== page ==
Cities face a scenario characterized by shrinking budgets, increasing demands of services from their citizens and the need to reinvent themselves in their quest to become Smart Cities. Simultaneously, the Internet brought new opportunities to orchestrate collaboration, fostering the creation of a large base of commons in code, user generated contents and even telecom infrastructures with the emergence of Bottom-up-Broadband networks.
Cities have many times lacked the resources and mechanisms to take full advantage of this wealth. However, organizations like Code for America are showing how they can effectively and successfully intermediate between citizens and cities and help in closing this gap.
Code for Europe
Developing collaborative web projects following the methodology of Code for America based on principles rather than on sectors and by opening existing code in the participating cities and leveraging the European EPSI platform, following a certain model. They should:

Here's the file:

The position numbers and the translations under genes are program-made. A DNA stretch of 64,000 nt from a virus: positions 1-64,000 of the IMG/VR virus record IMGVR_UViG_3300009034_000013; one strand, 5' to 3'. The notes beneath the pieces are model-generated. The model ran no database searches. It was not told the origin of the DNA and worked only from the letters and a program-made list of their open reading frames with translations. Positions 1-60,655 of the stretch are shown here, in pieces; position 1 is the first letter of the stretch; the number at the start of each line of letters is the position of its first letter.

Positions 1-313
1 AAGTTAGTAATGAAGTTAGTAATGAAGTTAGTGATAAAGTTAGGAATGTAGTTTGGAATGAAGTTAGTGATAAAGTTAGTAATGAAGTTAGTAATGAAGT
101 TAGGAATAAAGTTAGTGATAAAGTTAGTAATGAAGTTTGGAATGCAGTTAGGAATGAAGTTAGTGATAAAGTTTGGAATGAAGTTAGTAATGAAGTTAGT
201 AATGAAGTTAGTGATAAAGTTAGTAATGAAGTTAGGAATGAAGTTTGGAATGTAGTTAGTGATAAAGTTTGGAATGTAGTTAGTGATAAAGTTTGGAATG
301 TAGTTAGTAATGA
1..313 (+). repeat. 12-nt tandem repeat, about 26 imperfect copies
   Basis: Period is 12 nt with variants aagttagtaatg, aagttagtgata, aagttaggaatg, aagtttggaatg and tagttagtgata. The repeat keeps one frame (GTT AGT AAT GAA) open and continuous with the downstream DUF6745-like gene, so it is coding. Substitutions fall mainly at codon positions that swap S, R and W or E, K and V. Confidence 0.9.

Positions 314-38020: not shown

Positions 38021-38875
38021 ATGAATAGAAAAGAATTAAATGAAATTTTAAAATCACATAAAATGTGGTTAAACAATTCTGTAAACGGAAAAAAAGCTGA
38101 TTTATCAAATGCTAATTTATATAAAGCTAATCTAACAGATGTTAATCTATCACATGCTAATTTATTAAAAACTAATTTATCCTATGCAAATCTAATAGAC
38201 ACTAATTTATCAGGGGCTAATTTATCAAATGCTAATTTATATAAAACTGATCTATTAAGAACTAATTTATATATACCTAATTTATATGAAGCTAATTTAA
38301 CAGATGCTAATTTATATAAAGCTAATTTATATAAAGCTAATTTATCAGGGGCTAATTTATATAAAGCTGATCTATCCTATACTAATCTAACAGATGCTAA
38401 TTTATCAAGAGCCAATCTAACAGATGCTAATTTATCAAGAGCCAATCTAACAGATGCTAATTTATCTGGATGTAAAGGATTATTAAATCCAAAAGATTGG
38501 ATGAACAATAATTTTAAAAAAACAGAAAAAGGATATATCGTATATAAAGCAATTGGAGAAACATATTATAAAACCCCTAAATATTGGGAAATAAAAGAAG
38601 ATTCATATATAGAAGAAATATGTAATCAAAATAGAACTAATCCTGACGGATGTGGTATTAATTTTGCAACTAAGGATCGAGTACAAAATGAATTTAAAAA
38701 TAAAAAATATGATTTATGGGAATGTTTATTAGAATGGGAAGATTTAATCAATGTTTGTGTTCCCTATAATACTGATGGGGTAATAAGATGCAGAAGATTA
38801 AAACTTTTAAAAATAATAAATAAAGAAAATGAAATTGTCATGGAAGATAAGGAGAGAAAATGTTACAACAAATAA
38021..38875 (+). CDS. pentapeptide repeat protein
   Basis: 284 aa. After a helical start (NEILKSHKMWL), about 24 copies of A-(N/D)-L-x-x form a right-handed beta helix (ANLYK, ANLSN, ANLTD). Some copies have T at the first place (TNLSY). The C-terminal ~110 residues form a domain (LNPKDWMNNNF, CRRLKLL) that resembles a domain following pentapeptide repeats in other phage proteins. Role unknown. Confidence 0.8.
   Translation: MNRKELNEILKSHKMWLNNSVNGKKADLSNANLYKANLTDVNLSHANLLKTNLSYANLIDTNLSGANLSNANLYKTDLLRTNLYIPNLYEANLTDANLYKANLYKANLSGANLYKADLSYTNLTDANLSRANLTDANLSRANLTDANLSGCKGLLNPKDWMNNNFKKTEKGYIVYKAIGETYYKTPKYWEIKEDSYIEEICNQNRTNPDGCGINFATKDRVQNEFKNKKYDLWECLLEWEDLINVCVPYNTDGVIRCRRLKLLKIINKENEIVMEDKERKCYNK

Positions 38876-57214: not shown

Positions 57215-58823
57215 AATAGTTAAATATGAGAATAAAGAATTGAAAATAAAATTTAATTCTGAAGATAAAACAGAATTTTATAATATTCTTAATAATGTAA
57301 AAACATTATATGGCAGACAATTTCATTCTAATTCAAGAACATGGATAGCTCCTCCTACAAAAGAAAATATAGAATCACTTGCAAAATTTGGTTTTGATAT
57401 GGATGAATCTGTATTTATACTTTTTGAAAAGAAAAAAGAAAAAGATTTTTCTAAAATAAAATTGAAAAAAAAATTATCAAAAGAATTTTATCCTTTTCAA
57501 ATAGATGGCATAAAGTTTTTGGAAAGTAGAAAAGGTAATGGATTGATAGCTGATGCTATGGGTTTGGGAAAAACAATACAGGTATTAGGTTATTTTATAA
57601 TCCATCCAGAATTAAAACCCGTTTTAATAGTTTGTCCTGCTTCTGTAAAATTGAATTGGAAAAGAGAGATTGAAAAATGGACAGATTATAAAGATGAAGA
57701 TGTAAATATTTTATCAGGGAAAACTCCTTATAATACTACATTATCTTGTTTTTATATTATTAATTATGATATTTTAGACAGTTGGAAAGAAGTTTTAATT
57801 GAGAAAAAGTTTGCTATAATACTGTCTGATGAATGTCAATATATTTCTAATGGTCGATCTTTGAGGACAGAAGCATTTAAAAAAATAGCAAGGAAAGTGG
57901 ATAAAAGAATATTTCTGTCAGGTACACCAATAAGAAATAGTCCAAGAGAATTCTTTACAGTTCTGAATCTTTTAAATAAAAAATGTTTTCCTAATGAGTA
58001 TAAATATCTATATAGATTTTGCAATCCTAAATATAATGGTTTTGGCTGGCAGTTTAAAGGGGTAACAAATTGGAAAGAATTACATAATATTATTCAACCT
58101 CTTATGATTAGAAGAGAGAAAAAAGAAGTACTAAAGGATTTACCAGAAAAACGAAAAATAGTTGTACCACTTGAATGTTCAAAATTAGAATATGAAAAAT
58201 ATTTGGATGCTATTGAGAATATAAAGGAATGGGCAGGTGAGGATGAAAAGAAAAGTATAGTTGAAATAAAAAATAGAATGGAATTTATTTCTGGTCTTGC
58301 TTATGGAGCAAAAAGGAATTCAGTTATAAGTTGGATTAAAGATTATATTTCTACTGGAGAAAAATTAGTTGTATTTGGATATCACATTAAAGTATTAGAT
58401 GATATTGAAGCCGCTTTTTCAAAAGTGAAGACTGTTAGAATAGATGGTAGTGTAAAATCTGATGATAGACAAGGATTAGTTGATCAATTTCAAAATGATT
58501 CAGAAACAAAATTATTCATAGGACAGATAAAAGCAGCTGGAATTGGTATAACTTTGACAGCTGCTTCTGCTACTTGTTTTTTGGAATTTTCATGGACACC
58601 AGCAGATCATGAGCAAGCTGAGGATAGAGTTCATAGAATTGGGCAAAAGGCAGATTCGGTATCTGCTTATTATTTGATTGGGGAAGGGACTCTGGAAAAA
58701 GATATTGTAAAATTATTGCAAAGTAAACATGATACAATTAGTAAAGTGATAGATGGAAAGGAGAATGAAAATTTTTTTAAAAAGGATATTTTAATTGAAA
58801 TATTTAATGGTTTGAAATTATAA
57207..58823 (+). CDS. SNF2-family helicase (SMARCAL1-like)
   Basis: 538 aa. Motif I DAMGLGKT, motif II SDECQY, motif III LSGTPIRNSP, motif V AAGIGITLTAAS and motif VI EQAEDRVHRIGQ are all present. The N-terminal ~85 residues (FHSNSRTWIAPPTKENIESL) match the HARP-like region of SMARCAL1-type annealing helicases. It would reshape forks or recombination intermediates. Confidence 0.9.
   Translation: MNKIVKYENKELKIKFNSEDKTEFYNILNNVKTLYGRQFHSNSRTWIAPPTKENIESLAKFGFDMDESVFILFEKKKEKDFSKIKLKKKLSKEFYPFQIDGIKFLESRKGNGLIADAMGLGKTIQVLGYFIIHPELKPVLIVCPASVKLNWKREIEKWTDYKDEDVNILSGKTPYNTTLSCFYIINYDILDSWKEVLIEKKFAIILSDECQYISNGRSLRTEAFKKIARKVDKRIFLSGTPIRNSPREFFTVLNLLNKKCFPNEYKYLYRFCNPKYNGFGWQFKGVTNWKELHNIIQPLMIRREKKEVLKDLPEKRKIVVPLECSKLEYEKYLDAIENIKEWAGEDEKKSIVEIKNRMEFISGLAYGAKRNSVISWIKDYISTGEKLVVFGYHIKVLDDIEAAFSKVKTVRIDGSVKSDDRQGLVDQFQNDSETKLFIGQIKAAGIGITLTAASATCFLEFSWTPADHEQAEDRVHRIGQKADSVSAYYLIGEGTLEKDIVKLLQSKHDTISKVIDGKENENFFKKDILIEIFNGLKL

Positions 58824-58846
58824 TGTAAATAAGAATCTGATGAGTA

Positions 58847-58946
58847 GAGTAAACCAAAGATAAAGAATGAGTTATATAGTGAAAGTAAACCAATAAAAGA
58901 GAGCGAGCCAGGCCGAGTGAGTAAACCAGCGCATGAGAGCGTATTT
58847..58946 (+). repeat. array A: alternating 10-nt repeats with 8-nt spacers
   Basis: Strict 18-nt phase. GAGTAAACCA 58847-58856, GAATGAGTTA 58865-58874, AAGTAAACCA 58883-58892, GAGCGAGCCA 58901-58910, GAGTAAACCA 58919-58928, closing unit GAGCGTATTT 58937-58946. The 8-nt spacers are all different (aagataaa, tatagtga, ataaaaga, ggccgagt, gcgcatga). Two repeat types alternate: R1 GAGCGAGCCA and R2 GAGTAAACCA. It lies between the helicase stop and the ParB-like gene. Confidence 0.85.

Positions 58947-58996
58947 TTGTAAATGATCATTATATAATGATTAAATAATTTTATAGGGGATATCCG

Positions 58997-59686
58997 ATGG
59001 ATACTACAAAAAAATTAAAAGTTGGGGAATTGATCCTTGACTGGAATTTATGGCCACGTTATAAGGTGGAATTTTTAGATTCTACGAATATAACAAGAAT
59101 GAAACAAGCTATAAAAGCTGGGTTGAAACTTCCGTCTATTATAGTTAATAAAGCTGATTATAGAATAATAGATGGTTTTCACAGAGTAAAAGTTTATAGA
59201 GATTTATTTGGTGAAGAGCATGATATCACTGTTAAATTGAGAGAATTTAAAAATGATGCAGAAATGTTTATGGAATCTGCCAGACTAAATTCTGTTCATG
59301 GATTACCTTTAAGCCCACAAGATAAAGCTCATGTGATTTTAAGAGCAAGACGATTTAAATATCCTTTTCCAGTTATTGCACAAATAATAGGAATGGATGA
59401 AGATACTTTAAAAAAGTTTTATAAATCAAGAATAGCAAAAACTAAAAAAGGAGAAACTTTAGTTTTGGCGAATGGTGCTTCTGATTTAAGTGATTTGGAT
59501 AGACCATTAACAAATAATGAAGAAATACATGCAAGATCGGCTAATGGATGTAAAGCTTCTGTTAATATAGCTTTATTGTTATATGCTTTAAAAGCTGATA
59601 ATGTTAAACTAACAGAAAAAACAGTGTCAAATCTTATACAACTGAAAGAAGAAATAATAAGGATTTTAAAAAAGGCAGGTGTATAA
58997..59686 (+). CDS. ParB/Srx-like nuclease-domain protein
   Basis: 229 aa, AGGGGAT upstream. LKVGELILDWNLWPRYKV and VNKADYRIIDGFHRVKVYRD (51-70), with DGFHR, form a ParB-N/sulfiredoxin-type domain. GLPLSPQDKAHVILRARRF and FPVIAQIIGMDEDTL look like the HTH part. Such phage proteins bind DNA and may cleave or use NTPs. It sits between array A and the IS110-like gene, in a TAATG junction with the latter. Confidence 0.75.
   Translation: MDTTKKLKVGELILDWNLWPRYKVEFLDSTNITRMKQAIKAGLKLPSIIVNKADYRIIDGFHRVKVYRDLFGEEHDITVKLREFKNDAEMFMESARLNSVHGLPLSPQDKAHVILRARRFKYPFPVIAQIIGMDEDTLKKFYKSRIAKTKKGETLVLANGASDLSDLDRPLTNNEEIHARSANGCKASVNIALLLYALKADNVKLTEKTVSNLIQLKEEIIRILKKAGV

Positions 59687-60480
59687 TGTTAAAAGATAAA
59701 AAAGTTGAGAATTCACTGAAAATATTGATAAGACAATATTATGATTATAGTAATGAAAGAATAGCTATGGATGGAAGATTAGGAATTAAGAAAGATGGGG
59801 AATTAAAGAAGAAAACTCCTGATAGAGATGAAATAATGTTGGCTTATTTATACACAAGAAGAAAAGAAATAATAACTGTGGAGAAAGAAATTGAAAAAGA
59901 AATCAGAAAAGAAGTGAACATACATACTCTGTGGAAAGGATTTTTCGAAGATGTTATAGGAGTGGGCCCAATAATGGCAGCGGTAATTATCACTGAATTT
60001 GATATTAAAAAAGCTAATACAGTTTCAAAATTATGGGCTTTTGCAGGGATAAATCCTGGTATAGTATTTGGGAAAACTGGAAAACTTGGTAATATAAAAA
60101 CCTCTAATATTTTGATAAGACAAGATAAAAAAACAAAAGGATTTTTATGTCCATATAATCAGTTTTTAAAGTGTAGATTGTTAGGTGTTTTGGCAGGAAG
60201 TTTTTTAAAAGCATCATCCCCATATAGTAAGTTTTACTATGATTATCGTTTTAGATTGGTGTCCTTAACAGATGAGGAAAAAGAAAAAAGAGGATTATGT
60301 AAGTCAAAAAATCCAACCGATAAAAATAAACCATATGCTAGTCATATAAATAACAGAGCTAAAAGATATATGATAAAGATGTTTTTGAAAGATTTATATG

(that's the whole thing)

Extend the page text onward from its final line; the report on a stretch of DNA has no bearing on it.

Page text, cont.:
- Be web/mobile applications.
- Enable cities to connect with their constituencies in ways that reduce administrative cost and engage citizens more effectively.
- Support the move toward transparency and collaboration.
- Be shareable, meaning that an application built for one city could be used by any other city.
Bottom-up Broadband network
Exploring with users in real-life environments, three new technologies: Super Wifi, Sensor integration into wifi networks and fiber deployment as commons (both new techniques such as aerial as well as fiber bandwidth management).
The project was partly financed from the Competitiveness and Innovation Framework Programme of the Europese Union.
This project was also made possible by a subsidy from the Creative Industries Fund NL.